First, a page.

Samsung is dropping support for Symbian from its Mobile Innovator developer support program, it said in a letter sent out on Thursday. All Symbian developer activities at Mobile Innovator will end by Dec. 31, according to the letter.
Officially, Samsung has long maintained that it has a multiplatform strategy that includes Symbian, but the company hasn't announced a Symbian-based smartphone since February 2009.
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Instead, the world's second largest phone maker has chosen to push smartphones based on its own platform, Bada, as well as Android and Microsoft's upcoming Windows Phone 7.
Samsung is a very opportunistic company when it comes operating systems, according to Carolina Milanesi, a research vice president at Gartner: If a big operator such as Vodafone asked the company to manufacture a Symbian-based smartphone, it likely would, she said.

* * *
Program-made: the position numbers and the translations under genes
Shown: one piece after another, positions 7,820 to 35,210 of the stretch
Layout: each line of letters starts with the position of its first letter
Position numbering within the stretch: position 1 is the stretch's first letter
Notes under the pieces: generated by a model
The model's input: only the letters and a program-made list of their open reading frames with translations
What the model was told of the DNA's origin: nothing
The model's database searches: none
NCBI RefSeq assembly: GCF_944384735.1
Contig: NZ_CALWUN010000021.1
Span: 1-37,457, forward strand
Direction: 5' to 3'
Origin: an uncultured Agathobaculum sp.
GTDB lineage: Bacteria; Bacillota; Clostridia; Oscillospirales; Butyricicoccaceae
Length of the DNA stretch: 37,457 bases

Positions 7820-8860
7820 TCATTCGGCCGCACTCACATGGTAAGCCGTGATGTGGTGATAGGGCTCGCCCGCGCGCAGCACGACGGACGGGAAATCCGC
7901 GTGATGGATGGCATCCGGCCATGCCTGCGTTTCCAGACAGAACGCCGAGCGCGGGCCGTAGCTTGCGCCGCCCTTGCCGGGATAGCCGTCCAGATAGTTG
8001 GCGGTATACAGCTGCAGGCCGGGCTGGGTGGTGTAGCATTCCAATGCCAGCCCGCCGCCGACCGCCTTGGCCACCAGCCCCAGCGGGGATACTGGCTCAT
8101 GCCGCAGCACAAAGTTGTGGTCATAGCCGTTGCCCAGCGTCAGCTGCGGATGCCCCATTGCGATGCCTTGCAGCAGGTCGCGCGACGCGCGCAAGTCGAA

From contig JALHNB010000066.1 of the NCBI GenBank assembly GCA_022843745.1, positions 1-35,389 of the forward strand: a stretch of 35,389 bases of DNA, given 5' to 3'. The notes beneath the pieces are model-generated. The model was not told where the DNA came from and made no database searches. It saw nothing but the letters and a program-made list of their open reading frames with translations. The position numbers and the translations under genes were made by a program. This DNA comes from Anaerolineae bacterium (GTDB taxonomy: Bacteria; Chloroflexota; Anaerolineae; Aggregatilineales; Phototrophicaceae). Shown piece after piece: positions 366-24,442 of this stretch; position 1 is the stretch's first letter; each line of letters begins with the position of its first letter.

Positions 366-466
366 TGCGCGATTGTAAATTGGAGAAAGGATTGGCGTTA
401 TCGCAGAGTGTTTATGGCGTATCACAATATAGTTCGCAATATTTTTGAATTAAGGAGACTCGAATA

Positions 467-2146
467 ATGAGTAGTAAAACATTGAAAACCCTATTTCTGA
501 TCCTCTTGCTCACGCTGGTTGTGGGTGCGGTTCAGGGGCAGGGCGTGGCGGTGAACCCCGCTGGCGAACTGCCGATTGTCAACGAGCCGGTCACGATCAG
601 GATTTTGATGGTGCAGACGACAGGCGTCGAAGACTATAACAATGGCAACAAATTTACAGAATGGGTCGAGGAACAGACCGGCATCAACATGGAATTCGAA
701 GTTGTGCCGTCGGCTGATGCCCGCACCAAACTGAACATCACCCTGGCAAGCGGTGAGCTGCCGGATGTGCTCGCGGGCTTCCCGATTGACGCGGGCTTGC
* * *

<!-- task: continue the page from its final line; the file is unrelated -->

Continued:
In light of Sony Ericsson's recent decision to drop Symbian, and Samsung's lack of interest in the platform, analysts are calling for Nokia to change the way Symbian is developed.
Back in July, Ben Wood, director of research at CCS Insight, said Nokia miscalculated in making the platform open source. A lack of support from other vendors means Nokia has to do most of the work itself, while the open nature of the platform allows competitors to keep a close eye on its progress, he said.
That sentiment is echoed by Milanesi: "Maybe Nokia doesn't want to take Symbian in-house, but it needs to take more control to speed up the development if it wants to catch up to the ease of use the iPhone and Android-based smartphones offer," she said.
Nokia is doing its best to drum up interest for the company's latest Symbian-based smartphone, the N8, the first device based on version 3 of Symbian, which this week finally started shipping.
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